One more option to get you started on the recycling path is found at this link but the other buttons do not work so we are not sure if they are still in business or not. Contact them to find out.
To find similar places in your neck of the woods, just do a quick local internet search to find those organizations or recyclers near you.
If you are not going to repurpose the sewing machine, the cabinet, or table and motor, then all you have to do is find an organization that will take your old machine off your hands. This is no wasted effort as you may be providing the right machine to help some people retrain.
Many old sewing machines are used to train sewing machine repairmen to service, repair, or restore sewing machines like yours. Then if they are older, the parts can be re-used to fix other machines.
Also, students and adults can be trained on how to sew on your old machine. There are plenty of organizations that train women and young ladies how to sew so they can make a living.
All it takes is sending a quick e-mail or use their handy contact forms to make the initial approach. Or you can use your telephone and spend some time calling the different places to see what their guidelines are to donate.
If you do not want to do that, there are always junk dealers willing to pick up your old machine and sell it off to bigger corporations who melt the metal down and reuse it for other purposes.
This is a long list as well as every community will have religious organizations that will gladly take your old sewing machines and sell them off to raise money for credible projects. Or they may use them to train others to sew, repair, and so on.
Then there are charitable thrift organizations like the Salvation Army, Goodwill, and other thrift stores that sell items to make money for their charities. If you are not in the mood to support church projects or those charities, there are different junk dealers you can go to or recyclers.
We linked up three above to get you started and know what to look for when trying to get rid of your old sewing machine or its cabinets. The cabinets and tables can always go to budding woodworkers or similar businesses who can refurbish the woodwork and repurpose it.
There is one word of caution when you do this step. Different state and federal governments have their rules on how to recycle, even sewing machines. You should not trust your donation to amateurs as those governments can impose large fines if the process is not followed correctly.
Check first before donating and make sure all the rules are followed properly and no one will be fined.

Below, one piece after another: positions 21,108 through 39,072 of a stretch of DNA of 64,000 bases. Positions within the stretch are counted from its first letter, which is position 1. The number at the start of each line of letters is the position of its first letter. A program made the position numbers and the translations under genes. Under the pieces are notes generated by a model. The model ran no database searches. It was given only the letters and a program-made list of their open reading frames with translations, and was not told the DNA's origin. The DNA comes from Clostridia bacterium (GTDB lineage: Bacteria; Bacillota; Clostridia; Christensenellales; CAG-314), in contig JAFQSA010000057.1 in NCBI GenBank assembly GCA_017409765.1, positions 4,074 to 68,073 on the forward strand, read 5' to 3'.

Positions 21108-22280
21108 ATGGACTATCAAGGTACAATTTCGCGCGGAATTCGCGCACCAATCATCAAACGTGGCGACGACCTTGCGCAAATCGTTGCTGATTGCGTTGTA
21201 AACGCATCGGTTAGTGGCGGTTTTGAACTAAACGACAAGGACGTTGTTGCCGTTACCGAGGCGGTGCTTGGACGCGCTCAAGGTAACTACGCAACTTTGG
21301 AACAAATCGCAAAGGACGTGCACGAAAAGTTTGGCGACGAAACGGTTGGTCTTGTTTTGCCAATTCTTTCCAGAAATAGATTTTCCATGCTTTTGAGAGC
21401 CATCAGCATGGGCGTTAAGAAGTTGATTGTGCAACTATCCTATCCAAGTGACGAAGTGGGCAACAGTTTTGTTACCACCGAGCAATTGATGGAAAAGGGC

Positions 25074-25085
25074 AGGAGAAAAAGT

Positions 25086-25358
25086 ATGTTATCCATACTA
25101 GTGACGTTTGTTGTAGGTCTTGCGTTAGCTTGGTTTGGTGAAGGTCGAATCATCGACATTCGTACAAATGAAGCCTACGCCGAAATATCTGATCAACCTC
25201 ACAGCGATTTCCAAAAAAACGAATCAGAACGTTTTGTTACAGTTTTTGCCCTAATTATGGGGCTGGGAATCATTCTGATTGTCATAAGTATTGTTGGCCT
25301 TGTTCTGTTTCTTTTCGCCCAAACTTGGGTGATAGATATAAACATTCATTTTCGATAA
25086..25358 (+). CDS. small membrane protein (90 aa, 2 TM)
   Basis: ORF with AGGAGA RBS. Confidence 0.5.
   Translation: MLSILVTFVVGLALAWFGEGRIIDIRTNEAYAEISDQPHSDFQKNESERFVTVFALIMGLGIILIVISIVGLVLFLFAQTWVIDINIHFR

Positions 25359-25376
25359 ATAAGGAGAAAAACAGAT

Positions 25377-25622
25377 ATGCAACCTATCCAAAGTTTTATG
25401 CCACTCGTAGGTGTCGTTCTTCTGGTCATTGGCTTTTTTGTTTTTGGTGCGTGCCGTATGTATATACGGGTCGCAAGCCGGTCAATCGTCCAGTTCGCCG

This is a yes and no situation. The yes is that they will take a long list of items no matter who built them, sold them, or what shape they are in. You can recycle 3 items per day according to their website.
Their website also mentions that there are state-specific regulations on certain items. The no part comes in as to which country you live in. Outside of Canada and America, you may not be able to participate in their recycling program.
Also, their long list of items did not mention sewing machines so you would have to contact the stores individually to see if they accept those household items. Here is the link to their web page discussing this topic.
According to Schmetz needles you can recycle old sewing machine needles just like any other piece of scrap metal. There are fine ingredients in those items that can be used elsewhere when enough has been gathered.
If you haven’t already thought of this idea, you can place your old, dull, worn out our broken needles in an empty tic tac container until you have enough to recycle. If you want to learn more about needles, just click this link to get some more safety and other information.
Some people just say throw the old needle in the trash when done, but these little items do add up and help fill up the landfills. Recycling is a better option. Make sure to put them in something that can be sealed to protect recycling workers from being pricked in the finger or hand.
Old needles do not have to be wasted and can go on to make another positive contribution to society through recycling.
The go-to thought is always to put it at the curb and let the garbage men handle the problem. But in some neighborhoods, garbage men may not be allowed to pick up old sewing machines.
Some cities and communities may have a special truck that picks up old appliances and sewing machines so give your city hall a call to find out. Or you can salvage the usable parts and try to sell them on eBay, in classified ads, or take them to sewing machine repair shops.
You are not going to get rich doing this but at least you are doing your part to keep the landfills from filling up too fast
Recycling or repurposing old sewing machines or their parts is a very good idea. Not only can you add a decorative touch to your home and garden, but you can also help the environment by making sure those items do not reach the landfill.
Some actual people are looking for old sewing machines for a variety of reasons. They are usually very good reasons and you can feel good by donating those old sewing machines. (Learn where you can donate a sewing machine here)
But if you have an antique that works, there are other options available to you.